April 9, 2012
The New York Appellate Division for the Second Judicial Department has imposed a three-year suspension with conditions as reciprocal discipline based on a like sanction imposed by the Washington State Supreme Court.
One unusual aspect of the original case:
Since the respondent is a documented victim of domestic violence, it was further stipulated and agreed that the respondent would undergo an independent mental health evaluation by a licensed clinical psychologist or psychiatrist approved in advance by the Board; that the respondent would pay all costs associated with this examination and report, including the costs of obtaining medical records; and that, following reinstatement to the active practice of law, the respondent would be on probation pursuant to ELC rule 13.8 for a period of two years. During the probationary period, the respondent agreed to comply with any and all conditions recommended by the independent mental health examiner's report, such as demonstrated compliance with any recommended treatment plan. In the event there were any such conditions, the respondent agreed to promptly execute any necessary releases so that any treatment provider could report her compliance with the evaluator's or the treatment provider's recommendation no less than quarterly. Further, during the probationary period, the respondent was required to have her IOLTA account records reviewed by the Washington State Bar's auditors at six-month intervals. Finally, the respondent agreed to pay the costs of the auditor's time, at the auditor's hourly rate, as well as any other costs associated with the terms of her probation. The respondent resigned from the Washington State Bar in or about 2007, prior to her completion of the foregoing.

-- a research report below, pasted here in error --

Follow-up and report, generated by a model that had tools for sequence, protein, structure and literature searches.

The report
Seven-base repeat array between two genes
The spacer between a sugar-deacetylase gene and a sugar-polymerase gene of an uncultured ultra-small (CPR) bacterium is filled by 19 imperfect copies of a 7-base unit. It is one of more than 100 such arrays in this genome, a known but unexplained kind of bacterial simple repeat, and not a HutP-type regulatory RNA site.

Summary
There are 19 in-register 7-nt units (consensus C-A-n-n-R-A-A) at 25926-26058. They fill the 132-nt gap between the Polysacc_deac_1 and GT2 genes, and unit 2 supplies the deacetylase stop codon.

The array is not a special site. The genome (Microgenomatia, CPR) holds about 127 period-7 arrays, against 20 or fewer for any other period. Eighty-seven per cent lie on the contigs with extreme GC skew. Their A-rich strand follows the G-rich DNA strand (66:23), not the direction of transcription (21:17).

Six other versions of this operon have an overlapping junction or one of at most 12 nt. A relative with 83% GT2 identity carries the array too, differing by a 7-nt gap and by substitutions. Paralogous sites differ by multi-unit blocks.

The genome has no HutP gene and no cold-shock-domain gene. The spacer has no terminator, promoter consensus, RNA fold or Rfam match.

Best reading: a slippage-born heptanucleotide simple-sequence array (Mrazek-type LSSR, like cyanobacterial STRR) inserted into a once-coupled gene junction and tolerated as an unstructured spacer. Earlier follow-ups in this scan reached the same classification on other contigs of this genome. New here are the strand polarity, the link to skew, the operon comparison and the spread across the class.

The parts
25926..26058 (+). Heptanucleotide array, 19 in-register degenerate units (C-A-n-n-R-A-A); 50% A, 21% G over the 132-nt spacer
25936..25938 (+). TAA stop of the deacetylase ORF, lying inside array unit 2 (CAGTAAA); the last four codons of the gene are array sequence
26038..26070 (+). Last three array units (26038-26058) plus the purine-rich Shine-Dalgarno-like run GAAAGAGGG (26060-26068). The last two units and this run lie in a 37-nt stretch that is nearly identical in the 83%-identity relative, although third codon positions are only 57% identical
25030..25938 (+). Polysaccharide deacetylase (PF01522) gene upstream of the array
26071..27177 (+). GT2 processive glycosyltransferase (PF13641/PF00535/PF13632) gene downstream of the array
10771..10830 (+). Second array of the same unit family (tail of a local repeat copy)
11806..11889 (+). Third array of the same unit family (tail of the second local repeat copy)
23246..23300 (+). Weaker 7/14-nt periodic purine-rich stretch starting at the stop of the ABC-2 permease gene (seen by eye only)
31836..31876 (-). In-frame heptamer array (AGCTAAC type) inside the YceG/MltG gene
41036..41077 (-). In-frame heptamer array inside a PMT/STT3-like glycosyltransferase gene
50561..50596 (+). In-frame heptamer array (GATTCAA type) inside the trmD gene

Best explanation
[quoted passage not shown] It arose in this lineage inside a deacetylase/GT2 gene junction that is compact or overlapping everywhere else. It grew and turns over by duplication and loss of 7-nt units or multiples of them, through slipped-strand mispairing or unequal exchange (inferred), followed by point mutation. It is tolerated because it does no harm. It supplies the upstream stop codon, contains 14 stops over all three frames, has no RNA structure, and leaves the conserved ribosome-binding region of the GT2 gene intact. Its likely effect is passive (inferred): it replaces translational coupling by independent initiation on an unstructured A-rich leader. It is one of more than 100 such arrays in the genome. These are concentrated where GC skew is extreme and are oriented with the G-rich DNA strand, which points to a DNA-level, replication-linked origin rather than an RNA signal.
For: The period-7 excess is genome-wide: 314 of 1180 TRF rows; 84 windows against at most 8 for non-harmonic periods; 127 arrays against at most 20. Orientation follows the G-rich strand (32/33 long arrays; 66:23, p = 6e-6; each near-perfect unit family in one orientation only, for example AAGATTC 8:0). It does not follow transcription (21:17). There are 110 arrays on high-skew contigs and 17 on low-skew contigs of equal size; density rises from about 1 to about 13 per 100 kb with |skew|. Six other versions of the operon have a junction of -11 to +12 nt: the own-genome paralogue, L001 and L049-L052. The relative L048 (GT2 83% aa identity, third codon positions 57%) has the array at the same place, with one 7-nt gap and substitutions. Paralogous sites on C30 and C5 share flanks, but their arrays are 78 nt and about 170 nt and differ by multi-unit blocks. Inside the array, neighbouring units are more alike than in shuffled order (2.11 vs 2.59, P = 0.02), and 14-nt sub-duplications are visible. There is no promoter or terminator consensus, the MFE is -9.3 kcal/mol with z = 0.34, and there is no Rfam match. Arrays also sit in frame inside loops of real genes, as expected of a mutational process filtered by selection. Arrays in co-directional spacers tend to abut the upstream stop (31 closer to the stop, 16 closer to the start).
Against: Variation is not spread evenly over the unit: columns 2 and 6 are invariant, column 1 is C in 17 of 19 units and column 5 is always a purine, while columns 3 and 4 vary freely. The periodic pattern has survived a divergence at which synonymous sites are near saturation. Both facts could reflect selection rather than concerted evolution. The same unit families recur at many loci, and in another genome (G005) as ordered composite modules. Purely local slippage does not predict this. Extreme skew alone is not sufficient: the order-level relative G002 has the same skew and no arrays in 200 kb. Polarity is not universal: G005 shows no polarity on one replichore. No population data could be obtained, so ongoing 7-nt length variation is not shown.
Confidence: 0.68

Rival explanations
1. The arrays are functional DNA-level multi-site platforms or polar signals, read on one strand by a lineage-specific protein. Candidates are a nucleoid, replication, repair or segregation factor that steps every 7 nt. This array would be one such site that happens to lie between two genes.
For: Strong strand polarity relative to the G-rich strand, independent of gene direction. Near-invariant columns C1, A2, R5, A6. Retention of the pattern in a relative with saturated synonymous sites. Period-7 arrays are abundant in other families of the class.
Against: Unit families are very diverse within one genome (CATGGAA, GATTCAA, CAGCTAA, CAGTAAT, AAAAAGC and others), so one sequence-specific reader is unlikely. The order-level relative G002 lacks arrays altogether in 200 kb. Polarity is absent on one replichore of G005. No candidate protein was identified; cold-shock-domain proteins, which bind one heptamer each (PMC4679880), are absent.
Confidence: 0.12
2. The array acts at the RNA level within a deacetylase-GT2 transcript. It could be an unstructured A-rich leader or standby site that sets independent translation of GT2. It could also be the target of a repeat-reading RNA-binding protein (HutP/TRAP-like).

As to the New York discipline:
Since in or about 2007, the respondent avers that she has sought counseling from an organization known as "My Sister's Place," as well as private therapy. In the interim, she has sought regular, nonlegal employment while living with, and caring for, her mother. Currently, the respondent volunteers with the Hospice of Westchester as an administrative assistant in the Human Resources Department. The respondent also visits with patients.
Although the respondent has not practiced law since returning to New York, she avers that she has maintained her registration, and has taken the requisite Continuing Legal Education credits to maintain her skills.
The respondent does not contest the imposition of reciprocal discipline. Thus, there is no impediment to the imposition of same at this juncture.
While it appears that the respondent agreed to the discipline in Washington State, it strikes me as inappropriate (to put it mildly) to treat being as victim of domestic violence as an aggravating factor in a bar discipline case. (Mike Frisch)
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